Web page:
As a kid, I cut out Calvin and Hobbes Sunday strips, laminated them, and posted them on the walls of my room. It was homemade wallpaper. I’d like to think some of that genius seeped into my brain while I slept and made me a better cartoonist. It also establishes, once and for all, my Calvin and Hobbes geek cred.
Calvin and Hobbes’ strength is in its complete insularity: you knew Calvin was not going to make terrible jokes about the current news cycle, you’d never see Hobbes endorsing life insurance or cat food. Bill ensured that Calvin and Hobbes would remain firmly in our imagination and never on some billboard along I-10.
The downside of this was Bill’s withdrawal from public life. Aside from the occasional intrepid journalist traveling to Watterson’s abode outside Cleveland, Ohio, or a surprising book review or introduction written by the man himself, I slowly began to understand that there would be no follow-up to Calvin and Hobbes. Bill had given us everything he had for 10 years and that, he decided, was plenty.
The problem with being a genius who revitalizes an art form is, people don’t forget you. Bill may have thought that dropping out of the public eye for a decade and a half would make him disappear, that we’d all become so entranced with our iphones that we would forget that comic strip about a boy and his tiger. Well, if he wanted us to forget, he shouldn’t have made Calvin and Hobbes so damn good.
Seriously, forgetting about Bill Watterson is like forgetting about Bob Dylan. “Remember that guy?” “Who?” “You know, that guy who made like FIFTEEN CLASSIC ALBUMS IN A ROW?” You see my point.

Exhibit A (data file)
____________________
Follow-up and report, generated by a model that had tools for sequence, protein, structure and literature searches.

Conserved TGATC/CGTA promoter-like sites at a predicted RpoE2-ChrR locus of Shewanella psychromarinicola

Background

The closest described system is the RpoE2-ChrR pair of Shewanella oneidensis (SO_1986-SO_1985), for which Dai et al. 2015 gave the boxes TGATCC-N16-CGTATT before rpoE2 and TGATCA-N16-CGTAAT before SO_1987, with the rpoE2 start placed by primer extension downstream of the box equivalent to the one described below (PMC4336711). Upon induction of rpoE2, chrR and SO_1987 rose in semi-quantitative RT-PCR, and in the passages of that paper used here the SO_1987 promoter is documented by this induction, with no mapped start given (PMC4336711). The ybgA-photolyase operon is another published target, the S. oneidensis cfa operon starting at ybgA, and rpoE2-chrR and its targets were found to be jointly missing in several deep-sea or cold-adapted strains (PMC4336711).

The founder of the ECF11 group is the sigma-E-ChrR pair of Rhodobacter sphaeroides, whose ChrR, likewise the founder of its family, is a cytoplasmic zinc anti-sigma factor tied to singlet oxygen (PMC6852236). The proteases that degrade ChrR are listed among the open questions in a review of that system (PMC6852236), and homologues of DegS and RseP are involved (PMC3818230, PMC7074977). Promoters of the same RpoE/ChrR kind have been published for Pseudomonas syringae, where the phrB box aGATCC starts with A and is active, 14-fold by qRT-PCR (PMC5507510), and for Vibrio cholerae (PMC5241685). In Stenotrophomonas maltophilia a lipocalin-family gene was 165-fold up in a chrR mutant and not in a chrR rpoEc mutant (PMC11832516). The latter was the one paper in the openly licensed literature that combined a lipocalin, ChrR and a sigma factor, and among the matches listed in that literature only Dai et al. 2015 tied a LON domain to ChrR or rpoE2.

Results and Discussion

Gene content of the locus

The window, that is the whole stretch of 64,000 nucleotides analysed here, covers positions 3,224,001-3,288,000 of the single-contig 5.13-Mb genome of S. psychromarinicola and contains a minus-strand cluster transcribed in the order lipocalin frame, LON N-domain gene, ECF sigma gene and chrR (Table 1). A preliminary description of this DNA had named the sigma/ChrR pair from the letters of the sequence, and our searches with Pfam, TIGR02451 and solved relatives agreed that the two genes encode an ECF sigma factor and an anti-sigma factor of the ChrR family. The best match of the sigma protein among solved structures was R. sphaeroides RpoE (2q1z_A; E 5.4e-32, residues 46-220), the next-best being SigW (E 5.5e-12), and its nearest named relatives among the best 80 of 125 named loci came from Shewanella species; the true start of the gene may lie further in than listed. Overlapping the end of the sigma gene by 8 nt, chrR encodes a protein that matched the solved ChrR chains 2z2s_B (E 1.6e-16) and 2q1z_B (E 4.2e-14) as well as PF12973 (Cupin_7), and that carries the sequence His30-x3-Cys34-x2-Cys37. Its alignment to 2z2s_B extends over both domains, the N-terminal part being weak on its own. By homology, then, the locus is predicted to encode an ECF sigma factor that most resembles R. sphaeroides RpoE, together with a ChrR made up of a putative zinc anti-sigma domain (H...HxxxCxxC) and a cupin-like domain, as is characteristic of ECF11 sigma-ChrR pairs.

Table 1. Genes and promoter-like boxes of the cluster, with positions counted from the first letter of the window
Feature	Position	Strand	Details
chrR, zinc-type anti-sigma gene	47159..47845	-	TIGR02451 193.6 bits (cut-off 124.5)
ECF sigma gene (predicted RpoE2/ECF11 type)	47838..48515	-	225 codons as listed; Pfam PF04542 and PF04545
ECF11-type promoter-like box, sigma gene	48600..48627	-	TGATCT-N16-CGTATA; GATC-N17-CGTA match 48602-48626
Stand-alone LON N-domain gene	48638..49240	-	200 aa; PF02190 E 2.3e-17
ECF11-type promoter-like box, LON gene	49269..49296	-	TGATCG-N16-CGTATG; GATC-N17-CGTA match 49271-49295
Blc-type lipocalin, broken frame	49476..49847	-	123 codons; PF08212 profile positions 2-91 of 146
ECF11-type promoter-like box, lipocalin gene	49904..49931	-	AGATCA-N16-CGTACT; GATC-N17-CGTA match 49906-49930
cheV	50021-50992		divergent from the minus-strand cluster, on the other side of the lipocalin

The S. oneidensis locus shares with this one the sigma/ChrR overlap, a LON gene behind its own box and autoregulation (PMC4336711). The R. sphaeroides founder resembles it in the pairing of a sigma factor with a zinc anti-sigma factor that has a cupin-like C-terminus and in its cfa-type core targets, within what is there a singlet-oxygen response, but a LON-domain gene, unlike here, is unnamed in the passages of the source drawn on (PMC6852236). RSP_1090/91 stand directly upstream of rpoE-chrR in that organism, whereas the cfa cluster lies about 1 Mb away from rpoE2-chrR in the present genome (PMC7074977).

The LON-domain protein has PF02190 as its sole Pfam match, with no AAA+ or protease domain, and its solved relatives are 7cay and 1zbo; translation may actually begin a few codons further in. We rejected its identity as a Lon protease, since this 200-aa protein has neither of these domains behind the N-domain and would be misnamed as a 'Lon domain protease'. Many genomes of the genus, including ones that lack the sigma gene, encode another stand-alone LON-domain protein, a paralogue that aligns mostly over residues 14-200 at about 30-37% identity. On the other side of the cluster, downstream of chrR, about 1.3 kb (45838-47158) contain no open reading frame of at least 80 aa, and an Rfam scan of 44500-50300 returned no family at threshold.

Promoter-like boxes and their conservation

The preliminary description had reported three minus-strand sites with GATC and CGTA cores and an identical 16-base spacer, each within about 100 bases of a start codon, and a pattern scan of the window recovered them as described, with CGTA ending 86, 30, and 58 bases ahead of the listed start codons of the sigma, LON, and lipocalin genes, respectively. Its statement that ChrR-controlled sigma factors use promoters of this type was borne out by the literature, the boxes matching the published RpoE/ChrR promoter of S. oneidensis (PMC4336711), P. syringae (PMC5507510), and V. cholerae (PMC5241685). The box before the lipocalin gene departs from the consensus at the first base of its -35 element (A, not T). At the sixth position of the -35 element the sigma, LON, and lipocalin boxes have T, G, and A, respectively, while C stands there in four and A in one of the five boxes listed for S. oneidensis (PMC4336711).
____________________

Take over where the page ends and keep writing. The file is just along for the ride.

My friend Alec (to whom I now owe my life) alerted me to Looking for Calvin and Hobbes, by Nevin Martell. It will be published in October. In the introductory chapter, sent to me free(!) by the author, Nevin maps out his own desire to speak with that most elusive of creatures, the retired cartoonist. Like a man stalking a tiger in the jungle, Nevin is well aware of the dangers but plunges on nevertheless. He breathlessly narrates his hopes (will he secure an interview with Bill Watterson?) and fears (Bill Watterson will hate him forever for writing this book).
I cannot wait for this book to be released. My initial apprehension that the book would be trashy, or tell-all, or in some way denigrate Bill’s work, was allayed by the tone of the chapter. This guy loves Calvin and Hobbes as much as I do, and he has nothing but respect for its author. Even if Nevin doesn’t get the golden interview, we still get to hear from cartoonists and friends (and cartoonist-friends) of the main man. And that ain’t bad.
Now we just have to hold our collective breath to see whether Looking for Calvin and Hobbes is as illuminating as promised. I have high hopes. Even after a decade of comics, Bill Watterson has much to teach us.